Though Auburn's opener against Southern California is its most interesting in years, maybe ever, the truth is it has much more potential for damage than it does for good. Win it and you get lots of positive attention, but you still have to navigate a treacherous SEC schedule to win a championship. Lose it and you might be out of the national championship race. Lose it and you for sure have to win 12 straight to have a shot at playing in the big game in the Sugar Bowl. Fans love big nonconference games. They also love big bowl games and championships.
In 1983, Auburn played Texas in the second game of the season and lost 20-7. Auburn did not lose again. Had it played, say, Western Kentucky instead, the players from that team would be wearing national championship rings today. A Kickoff Classic loss to Miami in 1984 might have been the difference between spending the holidays in Memphis for the Liberty Bowl and in New Orleans for the Sugar Bowl.
There are lots of schools that need to play those kinds of games. Those in the SEC aren't among them. Strength of schedule matters only in the BCS rankings, and to be in that position an SEC school must play eight league games and the championship game. That is more than enough to take care of any concerns with the BCS computers.
I don't believe the majority of Auburn fans, at least not the ones I've heard from, agree with me. And they have valid points as well. Season tickets are expensive, and games against the likes of Western Kentucky aren't exciting. But fans of the most successful and enduring programs go to watch their team, not the opponent. Nebraska plays some of the most woeful teams in Division IA, but it has sold out hundreds of consecutive games in a remote college town. Nebraska fans go for the experience of being there, whether there is a high-profile opponent on the field or not.
Auburn created a minor stir last week when it announced it had canceled games scheduled against Clemson in 2006 and 2007. Not much mention was made of the fact that Clemson had already canceled games scheduled for 2008 and 2009. Auburn also canceled a two-game series with Virginia Tech scheduled for 2010-2011. The reason--and it is a valid one--that Auburn officials give is that they need to play seven home games for financial reasons. The difference in a home game against an opponent that will come for a guarantee and playing a game on the road is usually going to be in excess of $1 million.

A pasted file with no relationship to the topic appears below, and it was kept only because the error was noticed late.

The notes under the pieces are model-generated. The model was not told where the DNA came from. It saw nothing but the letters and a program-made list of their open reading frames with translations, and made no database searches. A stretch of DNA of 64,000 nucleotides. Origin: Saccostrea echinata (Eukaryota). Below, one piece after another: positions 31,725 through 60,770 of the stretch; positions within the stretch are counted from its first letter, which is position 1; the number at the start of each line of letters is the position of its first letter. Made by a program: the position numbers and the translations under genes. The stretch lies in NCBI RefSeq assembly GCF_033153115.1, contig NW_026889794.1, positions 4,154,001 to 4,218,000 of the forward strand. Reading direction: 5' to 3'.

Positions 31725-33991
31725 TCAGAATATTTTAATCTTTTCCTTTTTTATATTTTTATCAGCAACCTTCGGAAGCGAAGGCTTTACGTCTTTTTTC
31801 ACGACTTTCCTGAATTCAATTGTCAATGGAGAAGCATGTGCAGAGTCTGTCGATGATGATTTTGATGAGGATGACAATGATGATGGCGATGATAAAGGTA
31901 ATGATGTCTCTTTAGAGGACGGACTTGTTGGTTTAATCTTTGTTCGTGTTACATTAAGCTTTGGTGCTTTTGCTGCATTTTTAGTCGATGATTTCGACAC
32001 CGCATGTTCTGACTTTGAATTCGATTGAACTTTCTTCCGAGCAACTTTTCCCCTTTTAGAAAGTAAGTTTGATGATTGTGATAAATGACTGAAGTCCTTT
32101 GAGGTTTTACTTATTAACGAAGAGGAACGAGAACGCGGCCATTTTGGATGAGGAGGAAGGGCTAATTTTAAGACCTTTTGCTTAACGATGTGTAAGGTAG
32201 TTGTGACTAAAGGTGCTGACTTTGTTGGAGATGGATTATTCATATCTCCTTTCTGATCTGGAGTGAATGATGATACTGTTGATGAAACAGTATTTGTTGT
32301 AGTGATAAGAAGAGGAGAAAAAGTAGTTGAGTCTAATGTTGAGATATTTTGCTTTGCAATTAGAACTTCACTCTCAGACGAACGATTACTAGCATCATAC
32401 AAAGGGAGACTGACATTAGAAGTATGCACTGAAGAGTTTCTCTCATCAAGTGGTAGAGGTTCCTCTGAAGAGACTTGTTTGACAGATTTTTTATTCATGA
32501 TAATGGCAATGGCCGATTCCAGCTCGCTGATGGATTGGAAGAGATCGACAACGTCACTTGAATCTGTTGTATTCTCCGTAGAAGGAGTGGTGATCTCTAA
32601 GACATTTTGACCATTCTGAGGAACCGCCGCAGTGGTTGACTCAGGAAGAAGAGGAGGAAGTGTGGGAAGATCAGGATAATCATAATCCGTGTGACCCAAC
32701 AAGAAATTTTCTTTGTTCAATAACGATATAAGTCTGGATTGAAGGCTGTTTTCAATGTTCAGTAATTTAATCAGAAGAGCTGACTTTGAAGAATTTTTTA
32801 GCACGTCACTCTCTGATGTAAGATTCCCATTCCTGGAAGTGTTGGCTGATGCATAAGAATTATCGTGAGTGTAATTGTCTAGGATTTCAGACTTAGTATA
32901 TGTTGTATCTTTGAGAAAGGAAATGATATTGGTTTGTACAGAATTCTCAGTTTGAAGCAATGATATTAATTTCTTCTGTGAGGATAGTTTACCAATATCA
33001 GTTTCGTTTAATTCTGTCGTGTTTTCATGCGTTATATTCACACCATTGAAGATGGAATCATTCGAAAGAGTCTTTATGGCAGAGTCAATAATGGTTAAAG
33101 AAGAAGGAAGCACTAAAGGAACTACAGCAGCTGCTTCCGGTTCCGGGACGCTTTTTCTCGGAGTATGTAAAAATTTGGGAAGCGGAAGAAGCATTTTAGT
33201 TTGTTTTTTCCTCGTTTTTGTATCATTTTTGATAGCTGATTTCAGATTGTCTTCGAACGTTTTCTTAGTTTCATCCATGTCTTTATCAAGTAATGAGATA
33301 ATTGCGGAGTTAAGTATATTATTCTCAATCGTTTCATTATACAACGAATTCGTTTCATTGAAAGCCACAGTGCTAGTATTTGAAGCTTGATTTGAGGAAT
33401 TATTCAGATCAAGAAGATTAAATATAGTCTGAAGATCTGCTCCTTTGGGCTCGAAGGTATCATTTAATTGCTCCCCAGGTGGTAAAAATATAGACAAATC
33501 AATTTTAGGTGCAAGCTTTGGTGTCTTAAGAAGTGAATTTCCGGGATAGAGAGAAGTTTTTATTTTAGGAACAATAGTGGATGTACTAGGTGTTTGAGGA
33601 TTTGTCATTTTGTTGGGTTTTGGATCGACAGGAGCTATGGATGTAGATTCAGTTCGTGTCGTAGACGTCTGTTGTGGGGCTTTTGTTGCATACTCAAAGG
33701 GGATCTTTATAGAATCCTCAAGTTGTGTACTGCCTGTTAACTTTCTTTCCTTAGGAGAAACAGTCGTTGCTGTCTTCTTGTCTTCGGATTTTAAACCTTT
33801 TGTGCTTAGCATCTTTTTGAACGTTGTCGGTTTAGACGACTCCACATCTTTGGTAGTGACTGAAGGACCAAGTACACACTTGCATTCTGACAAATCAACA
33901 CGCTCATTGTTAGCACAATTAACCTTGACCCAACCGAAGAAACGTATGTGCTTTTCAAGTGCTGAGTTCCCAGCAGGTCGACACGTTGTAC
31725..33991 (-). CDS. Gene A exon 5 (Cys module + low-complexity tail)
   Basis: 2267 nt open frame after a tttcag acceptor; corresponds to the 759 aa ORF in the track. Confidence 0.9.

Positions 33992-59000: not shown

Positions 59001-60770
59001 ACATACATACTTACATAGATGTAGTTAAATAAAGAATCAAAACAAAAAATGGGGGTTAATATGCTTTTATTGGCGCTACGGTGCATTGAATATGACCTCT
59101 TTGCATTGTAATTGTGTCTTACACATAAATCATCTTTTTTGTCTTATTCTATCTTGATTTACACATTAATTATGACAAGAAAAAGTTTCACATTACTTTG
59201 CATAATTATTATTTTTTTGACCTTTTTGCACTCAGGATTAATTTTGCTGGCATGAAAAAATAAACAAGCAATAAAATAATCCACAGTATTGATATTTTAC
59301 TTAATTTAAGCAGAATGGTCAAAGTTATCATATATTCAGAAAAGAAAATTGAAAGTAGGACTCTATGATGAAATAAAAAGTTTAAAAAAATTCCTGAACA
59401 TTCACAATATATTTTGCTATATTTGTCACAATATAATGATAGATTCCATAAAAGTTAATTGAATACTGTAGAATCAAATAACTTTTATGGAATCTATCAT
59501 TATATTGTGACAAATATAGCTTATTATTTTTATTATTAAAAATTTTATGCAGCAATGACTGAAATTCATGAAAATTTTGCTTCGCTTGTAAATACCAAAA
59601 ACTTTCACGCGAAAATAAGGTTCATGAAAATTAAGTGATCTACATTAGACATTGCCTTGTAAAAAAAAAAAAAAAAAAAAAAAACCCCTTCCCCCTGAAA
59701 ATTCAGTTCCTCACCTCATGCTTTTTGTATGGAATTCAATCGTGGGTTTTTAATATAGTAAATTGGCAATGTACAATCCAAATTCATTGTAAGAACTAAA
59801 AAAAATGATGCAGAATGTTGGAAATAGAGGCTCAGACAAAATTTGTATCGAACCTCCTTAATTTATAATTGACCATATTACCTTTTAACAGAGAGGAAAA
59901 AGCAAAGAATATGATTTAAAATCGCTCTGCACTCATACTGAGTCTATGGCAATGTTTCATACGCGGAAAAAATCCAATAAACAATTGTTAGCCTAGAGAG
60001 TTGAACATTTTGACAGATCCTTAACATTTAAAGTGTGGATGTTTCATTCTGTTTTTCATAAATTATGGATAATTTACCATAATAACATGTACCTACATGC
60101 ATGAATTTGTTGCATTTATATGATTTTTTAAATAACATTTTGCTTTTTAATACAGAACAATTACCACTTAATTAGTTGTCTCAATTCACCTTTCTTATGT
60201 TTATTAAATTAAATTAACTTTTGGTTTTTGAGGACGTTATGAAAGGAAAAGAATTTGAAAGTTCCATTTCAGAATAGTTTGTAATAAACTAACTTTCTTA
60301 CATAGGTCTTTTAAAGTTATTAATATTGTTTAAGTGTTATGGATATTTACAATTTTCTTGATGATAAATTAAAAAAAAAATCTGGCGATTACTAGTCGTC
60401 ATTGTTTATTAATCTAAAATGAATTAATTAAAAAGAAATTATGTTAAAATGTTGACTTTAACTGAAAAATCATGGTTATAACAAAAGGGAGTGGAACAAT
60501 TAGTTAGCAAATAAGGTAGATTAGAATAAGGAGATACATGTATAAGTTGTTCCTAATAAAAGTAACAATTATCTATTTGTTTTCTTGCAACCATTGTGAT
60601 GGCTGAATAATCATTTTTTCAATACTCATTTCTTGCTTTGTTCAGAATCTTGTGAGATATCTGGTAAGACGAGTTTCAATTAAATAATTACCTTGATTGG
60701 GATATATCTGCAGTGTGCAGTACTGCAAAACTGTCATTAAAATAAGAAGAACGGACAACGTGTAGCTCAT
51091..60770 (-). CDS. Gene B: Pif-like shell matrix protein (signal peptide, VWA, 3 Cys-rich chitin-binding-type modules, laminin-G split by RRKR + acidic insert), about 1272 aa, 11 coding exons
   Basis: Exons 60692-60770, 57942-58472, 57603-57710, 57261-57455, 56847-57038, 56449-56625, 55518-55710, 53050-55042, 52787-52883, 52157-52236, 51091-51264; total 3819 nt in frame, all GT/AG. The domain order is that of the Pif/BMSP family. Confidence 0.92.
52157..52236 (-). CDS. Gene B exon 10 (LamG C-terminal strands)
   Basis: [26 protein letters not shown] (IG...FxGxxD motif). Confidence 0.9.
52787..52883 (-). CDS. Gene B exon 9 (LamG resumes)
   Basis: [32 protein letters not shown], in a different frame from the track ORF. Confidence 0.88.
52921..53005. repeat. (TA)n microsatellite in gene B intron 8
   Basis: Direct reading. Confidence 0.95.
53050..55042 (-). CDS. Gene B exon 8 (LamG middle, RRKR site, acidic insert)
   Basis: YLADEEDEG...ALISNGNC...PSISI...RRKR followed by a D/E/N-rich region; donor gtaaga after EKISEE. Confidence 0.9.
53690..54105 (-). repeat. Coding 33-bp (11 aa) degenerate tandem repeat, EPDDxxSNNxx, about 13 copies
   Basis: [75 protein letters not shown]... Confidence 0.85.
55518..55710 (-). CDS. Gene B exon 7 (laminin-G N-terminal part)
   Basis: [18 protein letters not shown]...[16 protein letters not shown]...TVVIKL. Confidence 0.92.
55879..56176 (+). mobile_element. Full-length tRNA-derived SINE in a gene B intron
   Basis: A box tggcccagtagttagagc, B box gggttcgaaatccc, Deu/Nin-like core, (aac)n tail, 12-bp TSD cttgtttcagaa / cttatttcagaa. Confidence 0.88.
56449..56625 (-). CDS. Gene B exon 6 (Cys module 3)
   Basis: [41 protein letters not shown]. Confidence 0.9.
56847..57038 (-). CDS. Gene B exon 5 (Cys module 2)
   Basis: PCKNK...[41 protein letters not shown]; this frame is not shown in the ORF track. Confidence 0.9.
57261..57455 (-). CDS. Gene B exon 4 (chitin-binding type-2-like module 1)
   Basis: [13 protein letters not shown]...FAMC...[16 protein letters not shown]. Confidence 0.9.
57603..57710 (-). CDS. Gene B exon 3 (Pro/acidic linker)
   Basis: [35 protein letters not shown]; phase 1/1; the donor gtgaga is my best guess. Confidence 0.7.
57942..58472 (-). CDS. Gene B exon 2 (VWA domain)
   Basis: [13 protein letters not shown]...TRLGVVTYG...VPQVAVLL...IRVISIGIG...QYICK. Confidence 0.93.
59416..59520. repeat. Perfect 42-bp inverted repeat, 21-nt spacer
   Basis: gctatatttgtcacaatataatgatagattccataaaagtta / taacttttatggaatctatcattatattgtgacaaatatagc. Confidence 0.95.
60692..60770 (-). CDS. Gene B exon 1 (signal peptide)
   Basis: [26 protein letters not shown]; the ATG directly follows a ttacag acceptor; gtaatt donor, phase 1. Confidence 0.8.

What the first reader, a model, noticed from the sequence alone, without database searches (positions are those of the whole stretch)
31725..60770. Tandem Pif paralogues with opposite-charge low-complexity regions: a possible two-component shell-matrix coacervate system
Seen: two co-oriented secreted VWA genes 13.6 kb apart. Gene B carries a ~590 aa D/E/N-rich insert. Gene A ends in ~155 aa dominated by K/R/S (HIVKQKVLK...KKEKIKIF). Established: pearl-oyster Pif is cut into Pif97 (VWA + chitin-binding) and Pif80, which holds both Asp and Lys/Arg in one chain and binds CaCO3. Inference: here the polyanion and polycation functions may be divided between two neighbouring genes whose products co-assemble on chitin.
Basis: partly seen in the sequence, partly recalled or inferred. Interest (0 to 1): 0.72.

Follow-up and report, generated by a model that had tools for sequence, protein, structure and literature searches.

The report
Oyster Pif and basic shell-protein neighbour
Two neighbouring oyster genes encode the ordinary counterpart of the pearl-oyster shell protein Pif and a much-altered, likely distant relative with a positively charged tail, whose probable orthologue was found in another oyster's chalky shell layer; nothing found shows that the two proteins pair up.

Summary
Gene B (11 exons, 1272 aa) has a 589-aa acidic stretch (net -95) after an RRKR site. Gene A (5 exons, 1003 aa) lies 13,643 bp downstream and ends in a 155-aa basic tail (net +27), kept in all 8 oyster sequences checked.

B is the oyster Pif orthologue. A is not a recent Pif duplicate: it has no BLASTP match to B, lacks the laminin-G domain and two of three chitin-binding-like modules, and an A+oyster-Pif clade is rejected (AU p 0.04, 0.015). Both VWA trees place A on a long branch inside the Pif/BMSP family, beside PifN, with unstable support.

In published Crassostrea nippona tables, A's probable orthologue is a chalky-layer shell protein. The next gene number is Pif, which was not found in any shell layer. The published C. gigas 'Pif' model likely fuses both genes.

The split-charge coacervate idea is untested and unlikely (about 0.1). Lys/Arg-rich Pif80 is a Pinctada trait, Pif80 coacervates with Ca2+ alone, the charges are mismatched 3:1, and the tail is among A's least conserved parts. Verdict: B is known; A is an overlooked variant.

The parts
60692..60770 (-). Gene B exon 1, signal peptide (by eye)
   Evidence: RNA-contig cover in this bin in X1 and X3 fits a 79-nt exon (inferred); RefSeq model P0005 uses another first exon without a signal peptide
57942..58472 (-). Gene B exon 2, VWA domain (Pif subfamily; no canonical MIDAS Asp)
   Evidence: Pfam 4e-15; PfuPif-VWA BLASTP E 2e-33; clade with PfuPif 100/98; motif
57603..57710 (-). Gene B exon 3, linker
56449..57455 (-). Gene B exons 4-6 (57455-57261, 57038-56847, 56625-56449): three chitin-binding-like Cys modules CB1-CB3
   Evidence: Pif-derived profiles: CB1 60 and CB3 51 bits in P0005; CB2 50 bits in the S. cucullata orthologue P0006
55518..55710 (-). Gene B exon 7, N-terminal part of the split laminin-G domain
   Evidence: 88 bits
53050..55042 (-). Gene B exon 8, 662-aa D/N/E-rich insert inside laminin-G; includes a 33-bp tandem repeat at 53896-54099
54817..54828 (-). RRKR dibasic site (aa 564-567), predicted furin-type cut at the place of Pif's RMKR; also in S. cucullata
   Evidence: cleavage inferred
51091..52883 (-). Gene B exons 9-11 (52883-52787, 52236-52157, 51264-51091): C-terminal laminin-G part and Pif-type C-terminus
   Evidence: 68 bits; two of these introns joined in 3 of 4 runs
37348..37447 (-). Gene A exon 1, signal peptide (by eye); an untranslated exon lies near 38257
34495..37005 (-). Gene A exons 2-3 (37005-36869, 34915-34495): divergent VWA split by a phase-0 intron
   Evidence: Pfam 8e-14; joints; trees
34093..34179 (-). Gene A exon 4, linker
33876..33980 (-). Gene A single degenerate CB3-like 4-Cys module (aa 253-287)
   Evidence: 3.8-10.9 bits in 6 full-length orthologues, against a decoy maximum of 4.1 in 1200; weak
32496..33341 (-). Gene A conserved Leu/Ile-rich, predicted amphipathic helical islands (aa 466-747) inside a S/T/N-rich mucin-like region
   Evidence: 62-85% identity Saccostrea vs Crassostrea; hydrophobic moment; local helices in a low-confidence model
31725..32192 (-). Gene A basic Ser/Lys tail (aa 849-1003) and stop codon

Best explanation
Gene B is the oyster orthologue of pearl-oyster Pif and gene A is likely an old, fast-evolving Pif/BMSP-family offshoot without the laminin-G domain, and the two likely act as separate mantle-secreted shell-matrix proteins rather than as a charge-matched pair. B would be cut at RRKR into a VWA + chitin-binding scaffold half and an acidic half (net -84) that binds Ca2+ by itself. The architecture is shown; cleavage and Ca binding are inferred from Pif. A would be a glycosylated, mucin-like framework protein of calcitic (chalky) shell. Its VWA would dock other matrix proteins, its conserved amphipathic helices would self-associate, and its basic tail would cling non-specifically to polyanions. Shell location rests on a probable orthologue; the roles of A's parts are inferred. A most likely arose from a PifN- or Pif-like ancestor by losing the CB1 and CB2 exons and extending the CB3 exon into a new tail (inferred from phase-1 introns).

Some schools have no choice. Florida must play Florida State home and home. Georgia must play Georgia Tech home and home. Others have different philosophies. Tennessee usually plays at least one nationally prominent opponent, but the Vols also have a 107,000-seat stadium and a little more financial freedom because of it.
The 12-game schedules allowed the past two seasons because of how the calendar fell opened up possibilities for more matchups like we'll see on Aug. 30 when USC comes to Jordan-Hare Stadium. There was widespread feeling that once the 12-game schedule came, it was here to stay. But the old 11-game schedule is slated to return next season. Even if there was interest in changing it, it's probably too late to do it.
Clemson athletic director Terry Don Phillips was a bit disingenuous in his tone after it was revealed that series had been canceled. He didn't bother to mention the two games Clemson had already canceled. Auburn didn't whine when Bowling Green canceled out of a game scheduled for next year. Having said all that, I believe Auburn needs to stop canceling series it has agreed to. Not playing Florida State under the circumstances in 1998 made sense, but it also brought a swarm of negative publicity. Every time Auburn cancels a game, that is going to be brought up. If someone asked me, I would say schedule more intelligently in the future, but suck it up, keep your word and play the games you agreed to. Of course, the safest bet of all is that no one is going to ask me.